Soft power as a policy rationale for international education in China Angelina Maksimova, Beijing University PhD Candidate, Foreign Economic Relations Promotion Division Official, Ministry of Foreign Affairs of Latvia

In Estudios, Política exterior by Xulio Ríos

Before the COVID-19 pandemic, annual growth in the number of international students worldwide was 4.8% and the OECD predicted no fewer than 8 million international students by 2025. Countries invest a lot of resources into soft power tools such as culture and education to attract international students. The largest share of the international student population is historically concentrated in the Western part of the world and previously China was seen as a major source of international students. However, with China’s reform and opening up, there are changes in this pattern. Due to China’s efforts to organise large-scale cultural activities in other countries, allocate substantial financial resources towards cultivating a better image, promote the capacity of its mass media in international communications, and sponsor Confucius Institutes throughout the world, China has become an attractive destination for studies and research.

The current paper discusses the “soft power” concept and index, examines the role of international education as a tool of “soft power,” looks at statistics and movements of international students worldwide, and analyses China’s case.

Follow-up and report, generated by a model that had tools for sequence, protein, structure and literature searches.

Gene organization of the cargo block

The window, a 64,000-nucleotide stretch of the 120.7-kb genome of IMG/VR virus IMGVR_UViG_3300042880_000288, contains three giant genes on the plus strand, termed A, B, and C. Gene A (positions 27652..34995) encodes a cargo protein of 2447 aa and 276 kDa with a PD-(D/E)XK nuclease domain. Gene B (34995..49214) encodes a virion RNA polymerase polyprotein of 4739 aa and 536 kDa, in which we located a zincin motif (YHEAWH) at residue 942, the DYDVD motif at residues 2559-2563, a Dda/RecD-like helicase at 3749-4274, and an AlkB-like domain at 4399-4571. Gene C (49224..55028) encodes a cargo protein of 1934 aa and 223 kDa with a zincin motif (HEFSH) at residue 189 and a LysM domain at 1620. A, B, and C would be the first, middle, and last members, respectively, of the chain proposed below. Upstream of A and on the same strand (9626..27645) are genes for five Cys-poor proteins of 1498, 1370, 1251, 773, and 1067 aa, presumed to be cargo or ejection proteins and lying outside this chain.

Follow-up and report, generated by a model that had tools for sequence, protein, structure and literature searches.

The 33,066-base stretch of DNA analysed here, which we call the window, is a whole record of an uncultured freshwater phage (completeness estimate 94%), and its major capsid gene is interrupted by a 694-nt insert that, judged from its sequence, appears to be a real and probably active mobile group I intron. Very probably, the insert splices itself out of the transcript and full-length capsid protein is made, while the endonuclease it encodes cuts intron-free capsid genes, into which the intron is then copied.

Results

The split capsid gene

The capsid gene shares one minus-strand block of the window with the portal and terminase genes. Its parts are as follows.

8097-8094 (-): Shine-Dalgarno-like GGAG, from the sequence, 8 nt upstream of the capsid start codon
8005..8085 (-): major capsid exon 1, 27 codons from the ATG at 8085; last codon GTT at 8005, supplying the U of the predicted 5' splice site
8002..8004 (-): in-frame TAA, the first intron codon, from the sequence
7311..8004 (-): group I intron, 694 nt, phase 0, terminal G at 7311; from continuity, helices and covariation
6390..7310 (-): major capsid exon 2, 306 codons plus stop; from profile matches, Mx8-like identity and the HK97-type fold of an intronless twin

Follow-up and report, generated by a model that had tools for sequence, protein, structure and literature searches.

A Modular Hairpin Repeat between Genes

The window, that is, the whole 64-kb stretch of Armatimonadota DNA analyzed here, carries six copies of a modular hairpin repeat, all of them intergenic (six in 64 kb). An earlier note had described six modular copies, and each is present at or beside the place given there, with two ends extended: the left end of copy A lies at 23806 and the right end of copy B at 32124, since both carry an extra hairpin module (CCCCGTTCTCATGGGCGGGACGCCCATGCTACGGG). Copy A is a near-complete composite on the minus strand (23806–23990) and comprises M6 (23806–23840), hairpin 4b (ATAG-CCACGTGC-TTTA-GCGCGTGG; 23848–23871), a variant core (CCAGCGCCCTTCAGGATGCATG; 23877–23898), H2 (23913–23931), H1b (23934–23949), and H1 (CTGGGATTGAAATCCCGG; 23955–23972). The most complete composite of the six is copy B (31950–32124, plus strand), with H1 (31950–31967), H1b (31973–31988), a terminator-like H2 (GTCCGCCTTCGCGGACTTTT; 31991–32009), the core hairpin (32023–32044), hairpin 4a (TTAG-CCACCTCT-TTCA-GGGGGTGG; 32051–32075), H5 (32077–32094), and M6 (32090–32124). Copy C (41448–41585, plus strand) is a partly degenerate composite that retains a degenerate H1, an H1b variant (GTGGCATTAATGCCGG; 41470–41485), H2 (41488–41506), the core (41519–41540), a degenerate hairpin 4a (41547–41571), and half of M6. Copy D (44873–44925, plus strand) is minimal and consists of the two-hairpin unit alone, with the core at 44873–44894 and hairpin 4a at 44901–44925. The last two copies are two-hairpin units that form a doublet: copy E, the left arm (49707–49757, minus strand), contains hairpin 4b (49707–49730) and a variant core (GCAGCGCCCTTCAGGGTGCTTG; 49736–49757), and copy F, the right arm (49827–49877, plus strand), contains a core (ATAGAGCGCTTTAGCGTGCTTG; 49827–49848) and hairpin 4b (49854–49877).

The “soft power” concept and index

In 1990, Harvard University political theorist Joseph Nye described “soft power” as the ability to obtain preferred outcomes through attraction rather than coercion or payments. [1] To strengthen its position in the international arena and gain some prestige, as well as to create favourable conditions for long-term socio-economic development, a state uses a variety of foreign policy tools involving both hard and soft power. But hard power means such as military actions or economic sanctions are costly; that is why nations prefer soft power. Soft power benefits a state regardless of its size –even if it is hard for smaller states to affect the behaviour of bigger ones, they use soft power to attract partners. [2]